In my writings on P2P Theory, I have a rather simple, but I believe true, formula to describe the crisis of the global system of neoliberal capitalism.
– i.e. based on a false belief that nature is infinitely abundant as a resource to be used by humanity, without regard for the finitude of our planet, the necessary cycles of renewal in nature, etc… Nature is an object to be depleted, and for waste to be dumped in. This is what I call ‘pseudo-abundance’
– i.e. based on the false belief, disproved again and again by studies, that the exchange of knowledge regarding innovation, culture and science have to be restricted artificially, in an exaggerated manner that protects monopolies and their rent-based income. This is what I call artificial scarcity.
Hence a sustainable civilization or political economy needs to reverse both polarities. It needs to recognize the limits of the natural world and respect its cycles of regeneration, and it needs to relax its artificial scarcities to that knowledge and innovation can flow more freely to the whole of humanity. In fact, we cannot really solve the first problem, without tackling the second.
However, we could imagine solutions to the above, that would take place without regard for the welfare of humanity itself, i.e. that would not include the equally important requirement for social justice. Hence the need for a third leg for our stool.
We can translate these three tasks, reversing pseudo-abundance and artificial scarcity in the context of social justice, by looking at existing and emerging social movements.
The environmental movement, and all those other forces which are starting the integrate the demands for sustainability of our physical production, are the necessary allies for the protection of our biosphere.
The social justice movement is represented by the many social forces defending the interests of workers and farmers and for socially just structures, on the local, national, and global levels.
The peer to peer moment in history brings one more emerging social movement in this potential grand alliance: the movement for the free flow of knowledge, culture and innovation. This is the contribution of the free culture movement, of the open access movement, of computer hackers, and many other actors tackling artificial scarcity.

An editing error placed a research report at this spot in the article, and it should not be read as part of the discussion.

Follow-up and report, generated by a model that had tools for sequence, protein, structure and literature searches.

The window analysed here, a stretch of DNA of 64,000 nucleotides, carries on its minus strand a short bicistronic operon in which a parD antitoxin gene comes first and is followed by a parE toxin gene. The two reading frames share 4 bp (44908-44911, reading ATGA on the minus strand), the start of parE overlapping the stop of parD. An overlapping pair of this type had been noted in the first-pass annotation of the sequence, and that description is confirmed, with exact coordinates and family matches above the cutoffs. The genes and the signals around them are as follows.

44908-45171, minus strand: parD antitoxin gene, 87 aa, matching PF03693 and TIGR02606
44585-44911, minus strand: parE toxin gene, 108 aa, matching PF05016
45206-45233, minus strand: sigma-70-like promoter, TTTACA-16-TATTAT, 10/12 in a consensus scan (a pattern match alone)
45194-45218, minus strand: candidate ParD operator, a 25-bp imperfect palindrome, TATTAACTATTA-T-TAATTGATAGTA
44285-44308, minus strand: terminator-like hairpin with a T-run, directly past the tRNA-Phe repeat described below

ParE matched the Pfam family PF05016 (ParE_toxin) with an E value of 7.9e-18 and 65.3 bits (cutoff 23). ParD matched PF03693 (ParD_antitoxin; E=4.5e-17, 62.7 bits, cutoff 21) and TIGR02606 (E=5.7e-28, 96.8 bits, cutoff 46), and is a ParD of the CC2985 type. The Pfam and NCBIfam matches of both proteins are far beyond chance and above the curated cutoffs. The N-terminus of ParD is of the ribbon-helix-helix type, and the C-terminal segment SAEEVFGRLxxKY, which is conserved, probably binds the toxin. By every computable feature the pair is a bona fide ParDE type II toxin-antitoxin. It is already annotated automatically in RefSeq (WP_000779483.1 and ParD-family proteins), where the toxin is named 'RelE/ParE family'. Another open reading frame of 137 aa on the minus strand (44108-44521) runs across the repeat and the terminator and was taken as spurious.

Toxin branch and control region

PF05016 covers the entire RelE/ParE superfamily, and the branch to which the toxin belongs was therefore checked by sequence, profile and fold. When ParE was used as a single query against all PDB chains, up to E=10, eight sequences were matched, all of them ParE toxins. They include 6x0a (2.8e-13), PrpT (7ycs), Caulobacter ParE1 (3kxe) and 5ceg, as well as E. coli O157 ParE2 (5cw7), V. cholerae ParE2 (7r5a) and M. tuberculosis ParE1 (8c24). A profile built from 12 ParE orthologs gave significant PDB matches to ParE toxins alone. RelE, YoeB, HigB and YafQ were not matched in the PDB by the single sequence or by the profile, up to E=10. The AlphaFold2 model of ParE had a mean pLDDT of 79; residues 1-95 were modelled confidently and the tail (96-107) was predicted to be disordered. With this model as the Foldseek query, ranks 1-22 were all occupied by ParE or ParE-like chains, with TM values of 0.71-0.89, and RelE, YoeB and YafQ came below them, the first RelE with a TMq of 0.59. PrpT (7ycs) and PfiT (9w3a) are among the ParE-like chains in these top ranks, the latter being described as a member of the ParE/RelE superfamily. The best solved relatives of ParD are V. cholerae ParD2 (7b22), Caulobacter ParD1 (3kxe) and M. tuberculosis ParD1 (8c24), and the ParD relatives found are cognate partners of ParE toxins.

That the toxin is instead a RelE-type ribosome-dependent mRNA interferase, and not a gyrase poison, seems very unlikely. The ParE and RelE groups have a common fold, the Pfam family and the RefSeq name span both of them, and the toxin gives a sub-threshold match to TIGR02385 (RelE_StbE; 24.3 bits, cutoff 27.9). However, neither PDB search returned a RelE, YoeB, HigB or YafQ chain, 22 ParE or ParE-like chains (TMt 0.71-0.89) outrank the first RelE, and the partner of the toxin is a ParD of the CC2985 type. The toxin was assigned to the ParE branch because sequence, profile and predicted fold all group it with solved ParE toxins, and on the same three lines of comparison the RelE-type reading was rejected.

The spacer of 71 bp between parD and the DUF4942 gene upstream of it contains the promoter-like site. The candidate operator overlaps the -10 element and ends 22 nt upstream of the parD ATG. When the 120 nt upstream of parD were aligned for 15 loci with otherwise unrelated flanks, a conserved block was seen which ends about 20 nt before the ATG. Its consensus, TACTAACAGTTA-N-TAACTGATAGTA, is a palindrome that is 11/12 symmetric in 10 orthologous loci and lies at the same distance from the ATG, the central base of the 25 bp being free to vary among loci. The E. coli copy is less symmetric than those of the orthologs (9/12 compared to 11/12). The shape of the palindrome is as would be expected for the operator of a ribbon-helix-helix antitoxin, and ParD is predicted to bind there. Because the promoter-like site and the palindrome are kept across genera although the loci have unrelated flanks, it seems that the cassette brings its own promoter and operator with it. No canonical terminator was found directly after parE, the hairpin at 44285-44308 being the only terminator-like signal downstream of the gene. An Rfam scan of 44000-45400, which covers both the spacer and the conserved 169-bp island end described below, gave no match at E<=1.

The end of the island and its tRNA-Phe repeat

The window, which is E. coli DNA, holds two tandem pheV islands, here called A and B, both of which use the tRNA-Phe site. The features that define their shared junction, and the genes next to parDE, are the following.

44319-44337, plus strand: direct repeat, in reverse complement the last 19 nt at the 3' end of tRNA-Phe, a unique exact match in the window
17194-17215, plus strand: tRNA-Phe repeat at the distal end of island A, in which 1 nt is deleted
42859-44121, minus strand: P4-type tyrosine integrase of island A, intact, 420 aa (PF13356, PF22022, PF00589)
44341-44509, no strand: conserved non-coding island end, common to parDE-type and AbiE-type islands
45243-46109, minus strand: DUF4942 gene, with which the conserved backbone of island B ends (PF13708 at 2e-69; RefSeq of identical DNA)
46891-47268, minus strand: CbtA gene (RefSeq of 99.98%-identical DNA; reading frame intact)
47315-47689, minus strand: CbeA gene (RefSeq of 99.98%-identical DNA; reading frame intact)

Each of these moments has its own related but complementary vision of a world centered around the commons and civil society. For the environmental movement, the earth and its resources are a commons whose sustainability has to be protected; the social justice movements wants to make sure that the fruits of the physical commons are distributed in a fair manner so that no part of humanity is excluded from the basic demands of well-being; and the free culture movements protects the digital commons of education, knowledge, science and innovation.
This is what the grand alliance of the commons is about: recognizing the joint interest of these grand social movements in the resilience, sustainability and thrivability of natural and human commons.
The creation of this grand alliance is the task of 21st century politics.
Terrific post, Michel. I’ve taken the liberty of quoting it, in the context of related ideas from Marko Ulvila and Gus Speth, at Common action: synthesis of progressive forces.
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Excellent post. For a detailed elaboration of all this, see Peter Barnes’ book “Capitalism 3.0,” which has among its many virtues the fact that its author is a person of achievement and innovation in both the progressive and business communities: a rare mix of talents. The work that my wife Deborah Popper and I have done on the Buffalo Commons as a likely future theme of much of land-use planning in the Great Plains is also relevant here. For more information on the Buffalo Commons, which Barnes cites, see my Rutgers website, policy/rutgers.edu/faculty/popper. The only national organization that explicitly aims at creating the Buffalo Commons is the Texas-based Great Plains Restoration Council. gprc.org, where Jarid Manos, great [email protected] is president and i chair the board. Another important group is the New Mexico-based National Center for Frontier Communities, frontierus.org, whose executive director is Charlie Alfero, [email protected] and where Deborah and I are on its board. The group advocates and doe research on small remote isolated communities not just in the West or the Great Plains, but throughout the country. Best wishes,
Rutgers and Princeton Universities
[email protected], [email protected]
Michel, I agree, but it’s important to mention that pseudo-abundance and artificial scarcity are not simply passive “errors”. They are actively imposed regimes, constantly being extended and reinforced by those who benefit from them. Educating unwitting victims (and perhaps unwitting perpetrators) may be the easiest stage of what is surely an existential struggle.